In a new report from the American Cancer Society, Black men and women are more likely than other races to die from uterine, breast, and prostate cancer. According to the data, cancer deaths have decreased by 33% since 1991.
Prostate cancer deaths, in particular, have been increasing by 3% each year since 2014 after decades of decline. This is due in part to doctors catching prostate cancer at later stages of progression, which makes it more difficult to treat. Black men are especially at risk; they're two to three times more likely to die from prostate cancer than men from other racial groups.
Black women are also at an especially higher risk of developing cancer than other racial groups. 40% of Black women are more likely to die from breast cancer than white women; they also have the highest death rates for uterine cancer.
Despite the fact that Black women are less likely than white women to be diagnosed with uterine and breast cancer, this disparity persists.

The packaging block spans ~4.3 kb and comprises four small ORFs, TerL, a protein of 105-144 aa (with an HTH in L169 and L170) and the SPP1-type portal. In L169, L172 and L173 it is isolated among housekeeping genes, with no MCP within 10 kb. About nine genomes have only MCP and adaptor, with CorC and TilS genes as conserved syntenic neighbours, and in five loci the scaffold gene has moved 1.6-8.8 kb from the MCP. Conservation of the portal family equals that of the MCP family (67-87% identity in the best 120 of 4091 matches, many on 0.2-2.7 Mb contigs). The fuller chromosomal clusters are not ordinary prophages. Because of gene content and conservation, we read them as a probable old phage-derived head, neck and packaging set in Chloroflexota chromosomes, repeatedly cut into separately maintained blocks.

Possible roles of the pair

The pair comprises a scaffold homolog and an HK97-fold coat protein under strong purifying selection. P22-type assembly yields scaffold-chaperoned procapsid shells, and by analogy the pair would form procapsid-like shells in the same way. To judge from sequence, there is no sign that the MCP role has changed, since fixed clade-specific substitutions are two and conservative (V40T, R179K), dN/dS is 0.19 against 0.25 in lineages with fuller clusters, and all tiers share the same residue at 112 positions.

Although these findings are concerning, there have still been significant improvements. Women's cervical cancer rates decreased by 65% between 2012 and 2019. The American Cancer Society has stated that it is working on reducing prostate cancer rates through their new initiative called IMPACT, an acronym for Improving Mortality from Prostate Cancer Together.
According to the report, treatment strategies to improve life expectancy for women with uterine cancer have also been successful.
The disparities in life expectancy for Black men and women are a direct result of medical racism. Black health does not receive the same level of care and attention, but instead it is treated as a non-issue and leads to horrifying death rates.
Source: The Root